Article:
Why I Preferred My Drug-Free Birth

My son, a few hours after birth (in a blanket and shirt I made him!)

I’ve had two babies now. My first baby was born the hospital with “the works” — nearly every intervention under the sun, at least for an uncomplicated birth.  My second was born at home, peacefully, in his own bedroom, with no interventions.

I know so many women who marvel at that.  “How could you do that?  Doesn’t it hurt?  I know I could not take it.”  But, if you understand it all, I believe you can.  Because truthfully?  I really preferred my drug-free birth.

When I was expecting my daughter, I thought for sure I could have a drug-free birth in the hospital (which many women do).  That’s what I had planned.  But that’s all had planned.  I assumed that when it came down to it, I would just know what to do.  I would trust my body.  I listened to my friends who told me that birthing classes were useless (worst advice ever) and didn’t take them.  I skimmed a few birth books.  I didn’t hire a doula because Ben thought it was “worthless” when he could take that role (though he did no reading or preparation whatsoever).  I had a doctor who didn’t respect my body or my rights at all, she just wanted to do things her way.  Which was to manage my birth through careful, unnecessary medical interventions, aimed at speeding it up for her convenience.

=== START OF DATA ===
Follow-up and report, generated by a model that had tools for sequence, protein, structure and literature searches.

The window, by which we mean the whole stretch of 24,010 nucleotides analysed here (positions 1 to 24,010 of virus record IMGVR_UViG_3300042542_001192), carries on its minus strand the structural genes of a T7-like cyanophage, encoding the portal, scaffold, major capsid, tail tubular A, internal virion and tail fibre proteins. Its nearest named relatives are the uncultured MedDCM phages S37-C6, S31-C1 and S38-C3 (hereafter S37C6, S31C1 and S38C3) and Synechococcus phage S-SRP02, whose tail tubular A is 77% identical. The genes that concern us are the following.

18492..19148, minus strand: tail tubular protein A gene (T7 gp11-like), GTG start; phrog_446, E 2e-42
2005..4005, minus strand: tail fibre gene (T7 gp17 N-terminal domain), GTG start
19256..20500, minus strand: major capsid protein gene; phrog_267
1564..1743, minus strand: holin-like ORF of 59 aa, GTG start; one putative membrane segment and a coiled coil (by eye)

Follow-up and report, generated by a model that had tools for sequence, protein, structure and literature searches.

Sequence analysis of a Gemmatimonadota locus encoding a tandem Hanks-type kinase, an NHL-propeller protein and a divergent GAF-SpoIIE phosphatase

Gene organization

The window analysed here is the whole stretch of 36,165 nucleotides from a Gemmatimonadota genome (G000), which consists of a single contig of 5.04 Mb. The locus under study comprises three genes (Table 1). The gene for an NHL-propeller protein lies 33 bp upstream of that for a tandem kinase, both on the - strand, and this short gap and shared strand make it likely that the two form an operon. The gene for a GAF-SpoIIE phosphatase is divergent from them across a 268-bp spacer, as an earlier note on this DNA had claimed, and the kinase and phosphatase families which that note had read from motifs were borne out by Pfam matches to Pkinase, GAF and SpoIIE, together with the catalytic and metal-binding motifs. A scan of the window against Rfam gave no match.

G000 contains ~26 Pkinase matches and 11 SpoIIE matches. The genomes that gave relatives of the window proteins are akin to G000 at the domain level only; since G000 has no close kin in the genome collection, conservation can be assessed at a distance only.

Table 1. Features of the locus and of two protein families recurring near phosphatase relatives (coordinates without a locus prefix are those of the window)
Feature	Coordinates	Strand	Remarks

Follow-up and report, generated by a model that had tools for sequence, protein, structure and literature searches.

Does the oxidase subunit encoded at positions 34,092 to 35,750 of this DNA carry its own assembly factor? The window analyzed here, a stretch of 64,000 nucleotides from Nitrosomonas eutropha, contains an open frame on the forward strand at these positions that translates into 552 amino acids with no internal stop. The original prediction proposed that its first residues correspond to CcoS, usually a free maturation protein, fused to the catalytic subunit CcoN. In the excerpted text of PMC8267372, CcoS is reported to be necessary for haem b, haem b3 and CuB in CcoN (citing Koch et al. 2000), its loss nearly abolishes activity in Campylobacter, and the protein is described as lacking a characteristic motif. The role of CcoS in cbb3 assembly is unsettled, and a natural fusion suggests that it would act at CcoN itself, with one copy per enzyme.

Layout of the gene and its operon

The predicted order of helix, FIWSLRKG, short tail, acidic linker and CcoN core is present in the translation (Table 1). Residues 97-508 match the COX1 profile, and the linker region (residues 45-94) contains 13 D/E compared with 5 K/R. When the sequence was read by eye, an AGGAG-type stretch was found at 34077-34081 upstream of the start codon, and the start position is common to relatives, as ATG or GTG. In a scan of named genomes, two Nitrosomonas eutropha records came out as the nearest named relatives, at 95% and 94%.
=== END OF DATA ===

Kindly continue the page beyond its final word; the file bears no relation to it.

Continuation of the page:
I arrived at the hospital early on a Saturday morning.  I’d been in real labor for just two hours, but my contractions had been two minutes apart the whole time. I was scared because my mom had had a fast first labor, and I “knew” that contractions are not supposed to be that close together unless things are happening.  Unfortunately, they weren’t.  I was sent to walk around for an hour, and when there was still no change (I was dilated to a 1), they sent me home.

Wouldn’t you know — as soon as I got home, my labor picked up strongly. I could no longer do anything through the pain.  I could not get comfortable.  I did not know what else to do, so I lay on my left side in bed, squirming and moaning with each contraction.  I did not know (or even have) that a birthing ball might have helped, or having Ben use counter-pressure or massage.  I was totally unprepared for this.

We headed back…with the nurses smirking at us the whole time.  But this time I was dilated to a 4 so they found me a room.  I was in pain.  I still just lay in the bed on my left side, nauseous and scared.  I asked for drugs.  Ben tried to talk me out of it, but I could not take it anymore.  They brought me Nubain, because I did not want an epidural. I took it and felt spacy and sleepy, though not much different.  It let me rest a little bit.  (In retrospect a lot of the pain was from lying down and being scared.)